The eulogies are already being written for Team USA, but Mike Babcock doesn’t want to read them. Team Canada’s head coach has plenty of experience in short, best-on-best tournaments like the World Cup, and he knows one game doesn’t mean much. The Americans may have looked dismal in losing to Team Europe on Saturday, but that only means they’ll be more desperate against his squad on Tuesday.
“You know, I’ve been to a number of these events, and the team that loses today usually gets better tomorrow, and the team that wins today usually gets a little fatter tomorrow,” Babcock said. “The important thing to do is just live scared and get better tomorrow.”
Which is to say, it was a far cry from how the Canadians opened the 2014 Olympics in Sochi, where they squeaked out a 3-1 victory over the minnows from Norway. The Canadians went on to win the gold medal, and they didn’t lose a single game. But they didn’t fill the net like many expected them to, and they played under intense scrutiny the entire time. Who knows? Maybe all that scrutiny helped them stay the right level of “scared”.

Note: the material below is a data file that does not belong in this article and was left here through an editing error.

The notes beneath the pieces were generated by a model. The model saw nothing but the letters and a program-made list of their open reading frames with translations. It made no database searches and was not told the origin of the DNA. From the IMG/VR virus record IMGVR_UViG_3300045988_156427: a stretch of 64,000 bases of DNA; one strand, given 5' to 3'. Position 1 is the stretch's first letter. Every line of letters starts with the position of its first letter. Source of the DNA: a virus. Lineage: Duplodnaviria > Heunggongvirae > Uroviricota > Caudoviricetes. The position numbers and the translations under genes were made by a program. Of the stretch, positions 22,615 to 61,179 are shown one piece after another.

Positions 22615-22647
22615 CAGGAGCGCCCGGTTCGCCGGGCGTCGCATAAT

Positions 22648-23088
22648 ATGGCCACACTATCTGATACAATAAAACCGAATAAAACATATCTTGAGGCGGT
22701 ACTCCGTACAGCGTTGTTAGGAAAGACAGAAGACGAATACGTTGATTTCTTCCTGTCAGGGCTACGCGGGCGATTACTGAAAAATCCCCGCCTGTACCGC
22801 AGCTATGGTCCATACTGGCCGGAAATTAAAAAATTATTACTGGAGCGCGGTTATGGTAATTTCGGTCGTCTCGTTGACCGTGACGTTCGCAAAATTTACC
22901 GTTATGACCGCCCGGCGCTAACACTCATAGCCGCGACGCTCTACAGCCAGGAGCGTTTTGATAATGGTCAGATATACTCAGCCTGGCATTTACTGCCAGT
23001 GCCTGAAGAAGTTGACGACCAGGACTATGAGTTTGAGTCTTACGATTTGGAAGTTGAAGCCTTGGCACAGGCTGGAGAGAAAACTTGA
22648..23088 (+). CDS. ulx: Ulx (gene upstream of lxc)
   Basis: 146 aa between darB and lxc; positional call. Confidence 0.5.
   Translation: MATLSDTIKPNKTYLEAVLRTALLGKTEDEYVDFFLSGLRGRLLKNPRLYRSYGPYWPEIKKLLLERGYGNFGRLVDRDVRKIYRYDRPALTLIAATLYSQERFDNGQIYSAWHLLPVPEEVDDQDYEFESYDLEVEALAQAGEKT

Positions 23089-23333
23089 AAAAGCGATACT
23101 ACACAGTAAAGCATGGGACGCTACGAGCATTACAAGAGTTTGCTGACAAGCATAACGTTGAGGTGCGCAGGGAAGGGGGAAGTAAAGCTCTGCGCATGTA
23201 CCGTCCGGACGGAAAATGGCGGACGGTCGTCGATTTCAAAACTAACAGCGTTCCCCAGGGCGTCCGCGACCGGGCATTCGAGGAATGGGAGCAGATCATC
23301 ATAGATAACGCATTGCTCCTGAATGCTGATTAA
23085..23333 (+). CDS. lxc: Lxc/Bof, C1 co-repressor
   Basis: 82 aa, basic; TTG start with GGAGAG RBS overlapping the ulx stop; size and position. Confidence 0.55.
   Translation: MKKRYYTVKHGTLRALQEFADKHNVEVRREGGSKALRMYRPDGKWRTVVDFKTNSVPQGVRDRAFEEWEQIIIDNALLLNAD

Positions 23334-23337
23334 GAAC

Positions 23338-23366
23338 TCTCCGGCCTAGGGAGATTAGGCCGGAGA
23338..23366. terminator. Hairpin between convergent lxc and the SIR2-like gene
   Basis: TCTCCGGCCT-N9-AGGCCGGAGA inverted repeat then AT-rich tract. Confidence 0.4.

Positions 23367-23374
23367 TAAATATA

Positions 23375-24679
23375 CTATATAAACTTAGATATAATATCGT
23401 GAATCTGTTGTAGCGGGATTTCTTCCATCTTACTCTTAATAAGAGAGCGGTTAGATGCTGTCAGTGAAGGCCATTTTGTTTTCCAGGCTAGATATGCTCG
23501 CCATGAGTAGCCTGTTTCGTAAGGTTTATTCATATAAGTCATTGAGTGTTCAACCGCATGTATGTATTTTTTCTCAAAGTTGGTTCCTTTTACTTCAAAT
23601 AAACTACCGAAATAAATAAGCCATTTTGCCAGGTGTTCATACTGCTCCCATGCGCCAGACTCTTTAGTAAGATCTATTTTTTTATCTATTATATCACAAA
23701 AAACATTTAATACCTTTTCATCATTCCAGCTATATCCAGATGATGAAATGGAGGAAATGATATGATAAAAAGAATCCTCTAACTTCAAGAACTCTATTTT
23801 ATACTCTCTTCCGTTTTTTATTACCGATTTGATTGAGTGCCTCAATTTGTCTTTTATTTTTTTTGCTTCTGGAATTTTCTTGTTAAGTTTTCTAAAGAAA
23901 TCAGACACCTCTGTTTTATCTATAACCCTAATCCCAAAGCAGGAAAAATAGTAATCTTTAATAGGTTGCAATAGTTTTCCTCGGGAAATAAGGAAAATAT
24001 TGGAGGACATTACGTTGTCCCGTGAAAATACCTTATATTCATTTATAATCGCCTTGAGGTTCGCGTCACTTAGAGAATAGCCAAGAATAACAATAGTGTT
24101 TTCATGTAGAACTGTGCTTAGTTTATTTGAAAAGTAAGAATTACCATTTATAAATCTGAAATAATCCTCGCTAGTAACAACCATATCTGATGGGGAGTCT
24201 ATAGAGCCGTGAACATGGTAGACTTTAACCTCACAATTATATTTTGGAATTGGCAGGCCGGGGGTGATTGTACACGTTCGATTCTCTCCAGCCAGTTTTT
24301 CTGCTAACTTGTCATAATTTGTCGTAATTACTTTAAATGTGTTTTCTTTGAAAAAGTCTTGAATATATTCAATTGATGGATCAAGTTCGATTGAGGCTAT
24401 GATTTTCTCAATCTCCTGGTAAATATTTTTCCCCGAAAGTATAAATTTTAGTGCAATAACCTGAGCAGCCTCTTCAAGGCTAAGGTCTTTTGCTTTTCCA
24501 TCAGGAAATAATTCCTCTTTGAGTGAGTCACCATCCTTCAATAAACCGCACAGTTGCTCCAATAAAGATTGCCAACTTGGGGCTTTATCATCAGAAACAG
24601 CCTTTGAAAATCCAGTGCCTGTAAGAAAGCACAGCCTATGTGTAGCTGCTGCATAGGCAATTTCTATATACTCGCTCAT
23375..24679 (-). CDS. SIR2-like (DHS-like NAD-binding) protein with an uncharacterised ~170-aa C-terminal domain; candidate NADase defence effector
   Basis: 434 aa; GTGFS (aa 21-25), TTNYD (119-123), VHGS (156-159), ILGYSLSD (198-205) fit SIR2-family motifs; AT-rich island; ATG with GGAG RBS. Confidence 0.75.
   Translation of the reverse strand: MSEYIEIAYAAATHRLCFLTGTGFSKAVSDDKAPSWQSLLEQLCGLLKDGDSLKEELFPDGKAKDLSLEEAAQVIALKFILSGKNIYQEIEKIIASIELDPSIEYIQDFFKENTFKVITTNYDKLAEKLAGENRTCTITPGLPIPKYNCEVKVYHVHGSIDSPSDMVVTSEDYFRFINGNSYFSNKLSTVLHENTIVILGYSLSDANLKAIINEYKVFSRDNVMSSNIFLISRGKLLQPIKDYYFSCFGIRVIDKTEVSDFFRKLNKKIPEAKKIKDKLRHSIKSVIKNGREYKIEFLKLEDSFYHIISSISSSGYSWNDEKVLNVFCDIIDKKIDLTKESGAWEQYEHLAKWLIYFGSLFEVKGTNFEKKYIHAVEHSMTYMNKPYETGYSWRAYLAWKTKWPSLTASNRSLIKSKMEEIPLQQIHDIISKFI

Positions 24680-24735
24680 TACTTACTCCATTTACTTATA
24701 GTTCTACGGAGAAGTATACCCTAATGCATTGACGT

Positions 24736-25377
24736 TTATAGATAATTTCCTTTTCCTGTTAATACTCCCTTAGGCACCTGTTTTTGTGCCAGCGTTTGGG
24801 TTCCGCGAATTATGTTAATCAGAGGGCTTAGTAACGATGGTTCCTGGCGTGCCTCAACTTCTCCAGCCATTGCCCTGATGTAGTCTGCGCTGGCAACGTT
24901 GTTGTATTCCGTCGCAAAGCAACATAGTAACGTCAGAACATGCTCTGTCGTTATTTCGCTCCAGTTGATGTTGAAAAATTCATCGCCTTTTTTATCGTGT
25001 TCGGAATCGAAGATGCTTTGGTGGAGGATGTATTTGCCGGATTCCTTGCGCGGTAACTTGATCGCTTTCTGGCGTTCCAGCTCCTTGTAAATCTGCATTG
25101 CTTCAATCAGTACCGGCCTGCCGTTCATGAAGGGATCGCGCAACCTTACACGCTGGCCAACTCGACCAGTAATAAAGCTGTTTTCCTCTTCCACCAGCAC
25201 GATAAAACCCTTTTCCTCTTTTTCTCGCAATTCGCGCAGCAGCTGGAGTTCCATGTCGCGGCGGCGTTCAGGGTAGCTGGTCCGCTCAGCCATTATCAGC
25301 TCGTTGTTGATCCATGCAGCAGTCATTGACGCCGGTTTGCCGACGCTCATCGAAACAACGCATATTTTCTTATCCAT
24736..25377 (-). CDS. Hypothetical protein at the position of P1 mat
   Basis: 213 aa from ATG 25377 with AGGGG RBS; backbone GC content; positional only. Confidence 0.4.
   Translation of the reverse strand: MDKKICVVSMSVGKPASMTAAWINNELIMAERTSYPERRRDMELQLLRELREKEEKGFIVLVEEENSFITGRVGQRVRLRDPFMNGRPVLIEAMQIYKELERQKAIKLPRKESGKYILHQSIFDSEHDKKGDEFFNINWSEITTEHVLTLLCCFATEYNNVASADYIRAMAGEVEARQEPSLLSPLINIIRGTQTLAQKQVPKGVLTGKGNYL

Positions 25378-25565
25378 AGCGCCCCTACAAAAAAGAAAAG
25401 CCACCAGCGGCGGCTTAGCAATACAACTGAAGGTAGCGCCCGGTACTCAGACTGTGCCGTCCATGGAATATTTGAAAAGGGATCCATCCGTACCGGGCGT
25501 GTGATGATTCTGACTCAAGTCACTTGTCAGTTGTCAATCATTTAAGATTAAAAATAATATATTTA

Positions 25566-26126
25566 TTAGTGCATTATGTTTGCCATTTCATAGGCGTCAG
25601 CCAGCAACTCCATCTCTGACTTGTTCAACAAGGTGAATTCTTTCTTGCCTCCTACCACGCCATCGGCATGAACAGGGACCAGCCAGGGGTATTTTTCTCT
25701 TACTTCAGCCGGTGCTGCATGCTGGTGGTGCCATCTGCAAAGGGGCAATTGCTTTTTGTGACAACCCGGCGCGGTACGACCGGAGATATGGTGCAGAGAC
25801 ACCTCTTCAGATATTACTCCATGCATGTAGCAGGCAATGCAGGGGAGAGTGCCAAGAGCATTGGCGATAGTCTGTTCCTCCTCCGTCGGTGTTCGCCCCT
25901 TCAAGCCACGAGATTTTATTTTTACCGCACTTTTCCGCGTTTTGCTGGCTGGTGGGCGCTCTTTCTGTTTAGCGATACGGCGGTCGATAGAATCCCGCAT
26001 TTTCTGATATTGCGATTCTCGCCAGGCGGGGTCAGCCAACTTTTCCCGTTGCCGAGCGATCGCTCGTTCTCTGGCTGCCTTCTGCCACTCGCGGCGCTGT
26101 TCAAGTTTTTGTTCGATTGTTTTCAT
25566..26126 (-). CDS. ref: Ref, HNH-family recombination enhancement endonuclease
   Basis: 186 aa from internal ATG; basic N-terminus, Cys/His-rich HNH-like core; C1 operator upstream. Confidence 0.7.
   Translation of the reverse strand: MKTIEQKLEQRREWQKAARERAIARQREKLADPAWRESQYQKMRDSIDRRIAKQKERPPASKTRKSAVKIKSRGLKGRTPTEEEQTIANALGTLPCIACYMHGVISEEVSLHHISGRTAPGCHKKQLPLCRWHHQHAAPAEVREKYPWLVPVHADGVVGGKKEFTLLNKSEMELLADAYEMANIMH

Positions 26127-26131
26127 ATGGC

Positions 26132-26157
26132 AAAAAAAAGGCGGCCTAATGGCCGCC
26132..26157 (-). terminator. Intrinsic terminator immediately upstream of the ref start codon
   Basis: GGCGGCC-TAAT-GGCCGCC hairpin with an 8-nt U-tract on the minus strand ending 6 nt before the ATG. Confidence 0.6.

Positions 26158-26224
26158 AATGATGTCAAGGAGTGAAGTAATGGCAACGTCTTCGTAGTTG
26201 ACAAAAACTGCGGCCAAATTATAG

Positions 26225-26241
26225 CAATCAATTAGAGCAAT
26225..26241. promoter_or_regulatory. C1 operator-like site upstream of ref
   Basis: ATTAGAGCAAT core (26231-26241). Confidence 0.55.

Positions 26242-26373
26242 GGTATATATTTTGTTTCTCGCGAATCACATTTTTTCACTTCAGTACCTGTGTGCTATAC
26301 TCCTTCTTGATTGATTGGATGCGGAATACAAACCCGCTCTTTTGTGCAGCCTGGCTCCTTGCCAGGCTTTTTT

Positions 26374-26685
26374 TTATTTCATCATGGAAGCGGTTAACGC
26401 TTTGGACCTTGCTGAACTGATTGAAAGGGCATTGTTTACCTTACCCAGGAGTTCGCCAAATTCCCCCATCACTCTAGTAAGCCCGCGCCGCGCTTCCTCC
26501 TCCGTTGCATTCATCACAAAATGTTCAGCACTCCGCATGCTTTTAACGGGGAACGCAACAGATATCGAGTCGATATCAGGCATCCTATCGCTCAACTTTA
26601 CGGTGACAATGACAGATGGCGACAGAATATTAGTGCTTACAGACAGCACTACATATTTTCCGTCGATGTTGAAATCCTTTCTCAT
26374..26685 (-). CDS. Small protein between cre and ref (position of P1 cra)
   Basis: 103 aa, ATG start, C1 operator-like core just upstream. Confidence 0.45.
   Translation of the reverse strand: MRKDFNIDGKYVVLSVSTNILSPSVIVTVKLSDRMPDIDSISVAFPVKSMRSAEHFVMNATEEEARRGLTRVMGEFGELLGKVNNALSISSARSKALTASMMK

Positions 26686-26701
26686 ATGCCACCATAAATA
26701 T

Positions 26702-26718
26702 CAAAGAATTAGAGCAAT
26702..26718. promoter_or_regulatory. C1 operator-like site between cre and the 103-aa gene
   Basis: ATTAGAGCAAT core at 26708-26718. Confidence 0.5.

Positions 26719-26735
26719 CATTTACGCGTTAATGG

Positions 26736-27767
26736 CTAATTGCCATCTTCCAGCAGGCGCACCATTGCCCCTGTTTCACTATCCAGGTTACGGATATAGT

As for the Americans, head coach John Tortorella is pulling out all the motivational stops, calling Tuesday’s showdown “our championship game.”
But more motivation won’t cure all that ailed the Americans in a 3-0 loss to the Europeans. Team USA will have to play a lot smarter, too. On Saturday, it was a 2-on-1 that led to the first goal against, and a 2-on-0 that put them behind by two. Europe was then able to focus on defending, surrendering quite a few shots but not so many prime scoring opportunities.
“I think we’re going to be able to chip out some of the glorious odd-man rushes we gave them early on for a couple of freebies,” said Tortorella. “I think we’ll get those chipped out, but the part of the game that bothers me most is creating some scoring chances, some better quality scoring chances.”
Depending what happens in today’s game between Team Europe and the Czech Republic, the Americans could be officially eliminated with a loss to Canada. That would be a disastrously quick exit for a squad that entered the World Cup with the motto, “It’s time,” and it would represent a massive failure by the general manager, Dean Lombardi, and head coach, Tortorella, not to mention all the players.
And that’s exactly why Babcock expects the Americans to be better. A desperate team can be a dangerous team. And a comfortable team can be vulnerable.